“One thing I love about Aliyah is that she’s the same person every day, whether she’s having a good day or a bad day, whether she had a good game, a bad game, a good practice, a bad practice,” Boyle said.
“If you get on her about something, she walks in the next day, looks you in the eye, and she’s the same person. And as a coach – and I’ve said this to her before – I so appreciate that, because there’s some players that just can’t handle it. But she can look at herself and self-evaluate and take constructive criticism.”
Not long after the end of the 2015-16 academic year, Huland El was one of about a dozen student-athletes from the University – Moses was another – who took part in the first session of the UVA in Valencia summer program.
Starting in mid-May, approximately 150 students from UVA spent about a month studying in Spain, and each earned six credit hours for their classroom work in Valencia.
One of the two classes Huland El took was called “Medical Terminology,” and it was conducted in Spanish, a language she speaks fluently.
She took a similar course – in English – this semester. Her time at the University, Huland El, has for the most part “been a wonderful experience. It’s super-interdisciplinary for me. I’ve studied a lot of different things, looked into a lot of different things, taken religion courses, sociology courses, history courses, and I’ve kind of come around and realized that there’s a lot more to life than just basketball.”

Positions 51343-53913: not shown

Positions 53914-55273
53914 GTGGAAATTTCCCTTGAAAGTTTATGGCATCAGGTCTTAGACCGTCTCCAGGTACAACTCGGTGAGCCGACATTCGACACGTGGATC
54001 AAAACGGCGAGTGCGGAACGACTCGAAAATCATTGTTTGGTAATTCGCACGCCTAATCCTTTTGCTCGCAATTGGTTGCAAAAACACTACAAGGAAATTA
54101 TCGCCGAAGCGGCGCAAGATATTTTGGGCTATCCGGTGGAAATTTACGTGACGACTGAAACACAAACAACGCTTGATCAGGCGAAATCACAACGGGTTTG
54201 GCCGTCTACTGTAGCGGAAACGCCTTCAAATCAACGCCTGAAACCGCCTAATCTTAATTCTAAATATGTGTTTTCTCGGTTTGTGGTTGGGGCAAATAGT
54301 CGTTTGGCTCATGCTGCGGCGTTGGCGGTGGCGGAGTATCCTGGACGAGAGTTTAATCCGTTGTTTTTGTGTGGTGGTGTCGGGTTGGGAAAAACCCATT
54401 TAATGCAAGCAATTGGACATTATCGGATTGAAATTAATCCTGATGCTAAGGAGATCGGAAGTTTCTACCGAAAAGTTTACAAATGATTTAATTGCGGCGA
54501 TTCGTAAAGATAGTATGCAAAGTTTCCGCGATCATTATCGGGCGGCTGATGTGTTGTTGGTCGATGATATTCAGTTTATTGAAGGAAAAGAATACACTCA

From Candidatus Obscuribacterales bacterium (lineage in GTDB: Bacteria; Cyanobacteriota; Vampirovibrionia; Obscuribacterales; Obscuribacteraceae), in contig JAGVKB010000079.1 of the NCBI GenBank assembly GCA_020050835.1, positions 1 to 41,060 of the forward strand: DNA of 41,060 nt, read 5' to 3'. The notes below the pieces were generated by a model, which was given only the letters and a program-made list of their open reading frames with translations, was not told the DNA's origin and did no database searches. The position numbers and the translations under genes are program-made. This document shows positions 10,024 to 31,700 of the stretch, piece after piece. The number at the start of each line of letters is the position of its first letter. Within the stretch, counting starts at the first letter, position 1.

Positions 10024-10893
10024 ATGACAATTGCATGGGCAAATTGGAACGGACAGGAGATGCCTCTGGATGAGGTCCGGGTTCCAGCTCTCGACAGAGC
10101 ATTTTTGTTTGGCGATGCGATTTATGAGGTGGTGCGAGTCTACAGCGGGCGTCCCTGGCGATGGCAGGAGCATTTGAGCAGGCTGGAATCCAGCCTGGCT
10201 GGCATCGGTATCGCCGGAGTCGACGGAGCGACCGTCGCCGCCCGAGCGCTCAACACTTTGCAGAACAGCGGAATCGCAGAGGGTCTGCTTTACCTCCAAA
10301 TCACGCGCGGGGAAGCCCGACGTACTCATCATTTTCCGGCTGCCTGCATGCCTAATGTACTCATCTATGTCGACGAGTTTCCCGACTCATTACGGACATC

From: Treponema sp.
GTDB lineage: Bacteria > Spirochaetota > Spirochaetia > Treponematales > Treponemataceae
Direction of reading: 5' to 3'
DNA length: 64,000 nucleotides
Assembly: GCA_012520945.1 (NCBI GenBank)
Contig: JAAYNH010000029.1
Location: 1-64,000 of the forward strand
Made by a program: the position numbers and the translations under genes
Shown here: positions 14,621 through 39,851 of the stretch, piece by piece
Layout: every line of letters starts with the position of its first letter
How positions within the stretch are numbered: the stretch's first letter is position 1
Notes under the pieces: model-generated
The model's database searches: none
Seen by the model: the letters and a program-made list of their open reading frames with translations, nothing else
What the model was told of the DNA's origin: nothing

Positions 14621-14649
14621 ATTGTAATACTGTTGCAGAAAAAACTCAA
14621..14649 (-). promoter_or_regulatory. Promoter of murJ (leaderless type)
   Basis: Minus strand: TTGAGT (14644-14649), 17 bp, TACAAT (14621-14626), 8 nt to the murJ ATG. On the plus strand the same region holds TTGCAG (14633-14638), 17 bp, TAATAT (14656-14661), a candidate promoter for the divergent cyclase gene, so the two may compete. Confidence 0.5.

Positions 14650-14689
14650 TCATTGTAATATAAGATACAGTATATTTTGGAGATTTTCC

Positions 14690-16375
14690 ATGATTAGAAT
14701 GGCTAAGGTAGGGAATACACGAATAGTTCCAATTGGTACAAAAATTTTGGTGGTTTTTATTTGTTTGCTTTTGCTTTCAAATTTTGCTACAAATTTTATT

Huland El works closely with Harraway, who oversees academic advising for the athletics department.
“She’s dedicated,” Harraway said, “and she wants to [attend medical school]. I told her it was going to be difficult. I didn’t say it was not doable, at all, and she followed everything I advised her to do, by going to talk to certain people.”
Born and raised in Jersey, Huland El is a key part of a UVA team whose only senior is guard Breyana Mason. The Wahoos (6-2 going into Friday night’s game) have stumbled twice this season – losing to St. John’s on Nov. 25 and to Northwestern on Dec. 1 – but each time they responded with an emphatic win in the next game.
“We’ve made it a big deal to learn from our mistakes, and we understand that basketball’s a game of redemption,” Huland El said. “You can’t necessarily make a mistake and wallow in the mistake. You’ve got to get up, pick yourself up by the bootstraps and fix it and learn from it.”
The Cavaliers have considerably more height this season than they did in 2015-16, and the team chemistry is much improved too, players and coaches say.
“I think it’s clear to see everyone is really excited,” Huland El said, “and everyone wants to help each other to make the team better.”